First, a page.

South Africa: High Performance Computing January 2014
South Africa: High Performance Computing – January 2014
British High Commission Pretoria
Science and Innovation Network brings UK computing researchers to South African annual High Performance Computing Meeting, with Square Kilometre Array telescope a focus. Further UK investment in capacity building in SADC region secured. Opportunities as we look ahead.
The UK Science and Innovation Network in South Africa, via the Global Partnerships Fund (GPF), brought ten UK scientists to a meeting on High Performance Computing (HPC), hosted by the South African Centre for High Performance Computing (CHPC). The meeting (2 – 6 December) included two days of training workshops and a three-day conference. The UK scientists represented leading UK institutions: Cambridge University; University College London; University of Southampton; and Science and Technology Facilities Council’s (STFC) Daresbury Labs. The meeting brought together researchers, engineers and industry players from around the globe, but particularly South Africa.
Prior to the meeting, our GPF project facilitated bilateral exchanges to explore HPC and Big Data applications and in particular the development of HPC capabilities for processing data from the Square Kilometre Array telescope (SKA). These exchanges also included a joint trip to Botswana.
GPF funding provided face-time between HPC researchers, accelerating the cross-pollination of ideas between South Africa, the UK and their US counterparts; with discussions on technology development and transfer, as well as HPC outreach to other applications e.g automotive and banking. The new international networks created will also allow teams to develop new resources and bid for large research funding.
HPC hardware is expensive and quickly becomes redundant, with upgrades in laboratories needed every few years. The Cambridge HPC Services Lab agreed during this trip to donate more than £500,000 of their used HPC equipment. This is the first step in a process that ensures Botswana, and other SKA African partner countries, are not merely landlords of the telescope, but are able to get involved in the data processing.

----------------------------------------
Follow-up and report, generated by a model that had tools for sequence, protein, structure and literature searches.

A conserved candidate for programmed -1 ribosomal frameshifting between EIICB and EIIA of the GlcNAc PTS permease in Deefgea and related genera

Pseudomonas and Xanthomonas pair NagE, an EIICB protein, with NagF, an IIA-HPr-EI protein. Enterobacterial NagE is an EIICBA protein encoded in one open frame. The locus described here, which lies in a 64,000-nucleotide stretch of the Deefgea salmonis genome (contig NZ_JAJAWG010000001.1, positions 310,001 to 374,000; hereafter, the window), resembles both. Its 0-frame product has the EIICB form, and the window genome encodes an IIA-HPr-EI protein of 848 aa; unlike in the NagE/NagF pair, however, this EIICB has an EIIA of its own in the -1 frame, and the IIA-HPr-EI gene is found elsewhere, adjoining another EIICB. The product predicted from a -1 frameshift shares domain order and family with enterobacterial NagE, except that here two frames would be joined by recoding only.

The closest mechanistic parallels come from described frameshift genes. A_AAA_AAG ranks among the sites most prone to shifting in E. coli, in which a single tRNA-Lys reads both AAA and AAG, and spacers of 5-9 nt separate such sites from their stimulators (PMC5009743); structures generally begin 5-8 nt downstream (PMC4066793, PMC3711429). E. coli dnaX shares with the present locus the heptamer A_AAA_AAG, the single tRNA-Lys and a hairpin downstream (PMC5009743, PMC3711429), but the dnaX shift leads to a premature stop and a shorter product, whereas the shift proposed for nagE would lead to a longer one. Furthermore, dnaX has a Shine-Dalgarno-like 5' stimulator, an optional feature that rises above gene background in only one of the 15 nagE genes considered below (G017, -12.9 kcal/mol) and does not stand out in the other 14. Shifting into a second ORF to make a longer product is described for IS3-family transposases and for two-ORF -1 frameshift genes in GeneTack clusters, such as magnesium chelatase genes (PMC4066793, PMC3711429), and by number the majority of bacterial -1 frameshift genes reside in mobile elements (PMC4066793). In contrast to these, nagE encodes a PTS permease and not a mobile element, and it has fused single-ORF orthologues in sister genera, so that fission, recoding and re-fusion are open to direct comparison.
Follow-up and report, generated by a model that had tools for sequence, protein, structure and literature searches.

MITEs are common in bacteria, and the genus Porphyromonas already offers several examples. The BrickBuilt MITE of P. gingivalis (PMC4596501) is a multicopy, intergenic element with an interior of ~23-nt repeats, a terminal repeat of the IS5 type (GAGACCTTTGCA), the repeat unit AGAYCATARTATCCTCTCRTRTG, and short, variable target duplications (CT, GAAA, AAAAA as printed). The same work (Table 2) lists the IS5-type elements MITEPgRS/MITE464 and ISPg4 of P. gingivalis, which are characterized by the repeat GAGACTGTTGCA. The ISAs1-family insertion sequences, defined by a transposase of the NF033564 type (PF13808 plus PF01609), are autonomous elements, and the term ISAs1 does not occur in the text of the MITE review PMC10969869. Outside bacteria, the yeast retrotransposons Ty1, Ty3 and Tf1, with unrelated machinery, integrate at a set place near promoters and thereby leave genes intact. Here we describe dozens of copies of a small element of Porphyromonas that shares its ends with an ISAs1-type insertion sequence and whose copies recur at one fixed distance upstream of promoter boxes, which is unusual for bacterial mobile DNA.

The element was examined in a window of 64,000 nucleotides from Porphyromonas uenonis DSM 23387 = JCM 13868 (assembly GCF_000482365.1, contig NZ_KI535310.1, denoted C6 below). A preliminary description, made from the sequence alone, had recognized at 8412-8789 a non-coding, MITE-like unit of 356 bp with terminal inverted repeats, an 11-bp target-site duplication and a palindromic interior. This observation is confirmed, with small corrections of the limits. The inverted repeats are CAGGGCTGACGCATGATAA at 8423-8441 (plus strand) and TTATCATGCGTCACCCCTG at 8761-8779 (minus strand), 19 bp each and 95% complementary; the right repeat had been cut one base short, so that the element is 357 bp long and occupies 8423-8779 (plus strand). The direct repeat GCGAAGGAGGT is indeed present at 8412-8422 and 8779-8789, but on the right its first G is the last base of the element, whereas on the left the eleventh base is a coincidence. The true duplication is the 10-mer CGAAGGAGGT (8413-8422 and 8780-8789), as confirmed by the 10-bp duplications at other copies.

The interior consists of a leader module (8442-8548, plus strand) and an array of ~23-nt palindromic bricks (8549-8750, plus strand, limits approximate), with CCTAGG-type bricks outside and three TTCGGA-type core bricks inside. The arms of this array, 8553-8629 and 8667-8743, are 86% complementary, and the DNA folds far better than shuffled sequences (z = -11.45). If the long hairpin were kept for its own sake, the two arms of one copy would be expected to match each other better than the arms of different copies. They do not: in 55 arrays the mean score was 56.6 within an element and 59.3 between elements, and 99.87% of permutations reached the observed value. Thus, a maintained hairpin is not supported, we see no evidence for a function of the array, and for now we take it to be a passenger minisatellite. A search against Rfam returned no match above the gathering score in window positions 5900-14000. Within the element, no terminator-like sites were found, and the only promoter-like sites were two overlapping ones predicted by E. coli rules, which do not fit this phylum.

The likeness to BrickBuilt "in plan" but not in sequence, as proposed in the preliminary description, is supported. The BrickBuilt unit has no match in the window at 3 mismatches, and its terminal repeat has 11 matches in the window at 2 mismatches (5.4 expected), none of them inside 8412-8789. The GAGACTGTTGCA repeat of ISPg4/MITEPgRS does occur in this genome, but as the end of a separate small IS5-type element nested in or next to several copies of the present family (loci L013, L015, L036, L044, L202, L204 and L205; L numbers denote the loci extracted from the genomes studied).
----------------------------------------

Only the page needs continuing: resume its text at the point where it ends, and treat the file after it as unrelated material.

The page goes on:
The Cambridge team is also developing a Train the Trainer initiative that will see the enrichment of lecturers in the region in building, running and configuring HPC systems. Industry is already a partner in this, with the development of a HPC Solution centre in Johannesburg, and ongoing discussions with DELL who are looking to invest in HPC in South Africa.
There are significant commercial opportunities for SA and UK industry to participate in cutting-edge research into big data processing. With UKTI we now plan to approach UK companies who are able to meet Big Data requirements and could expand their product application to other markets in SA and the region as well as companies who could be interested in the opportunities provided by the Science Data Processing (SDP) consortium for the SKA (tender expected in 2017) and who were represented at this meeting.
Work on Big Data offers clear opportunities for beefed up UK science and innovation engagement with South Africa. The new BIS Research Fund for Emerging Powers offers a major tool to deliver this, and as we design our programme(s) in parallel with South Africa, we will ensure Big Data is a major component. For example, we could look to support Big Data computing skills for Southern African countries, with the upskilling done in South Africa.
The significant UK presence at the meeting made us the preeminent overseas participant and reinforced the visibility of our interest in deeper engagement with South Africa in HPC. With Cambridge’s involvement in capacity building here, the UK can and should position itself as a driver of human capital development forging technology links between the UK and SADC, and creating future business development opportunities.
Further opportunities for collaboration on Big Data will be now explored during the visit of Science and Technology Minister Hanekom to Oxford (hosted by STFC) and Cambridge (SKA computing) in the coming weeks.
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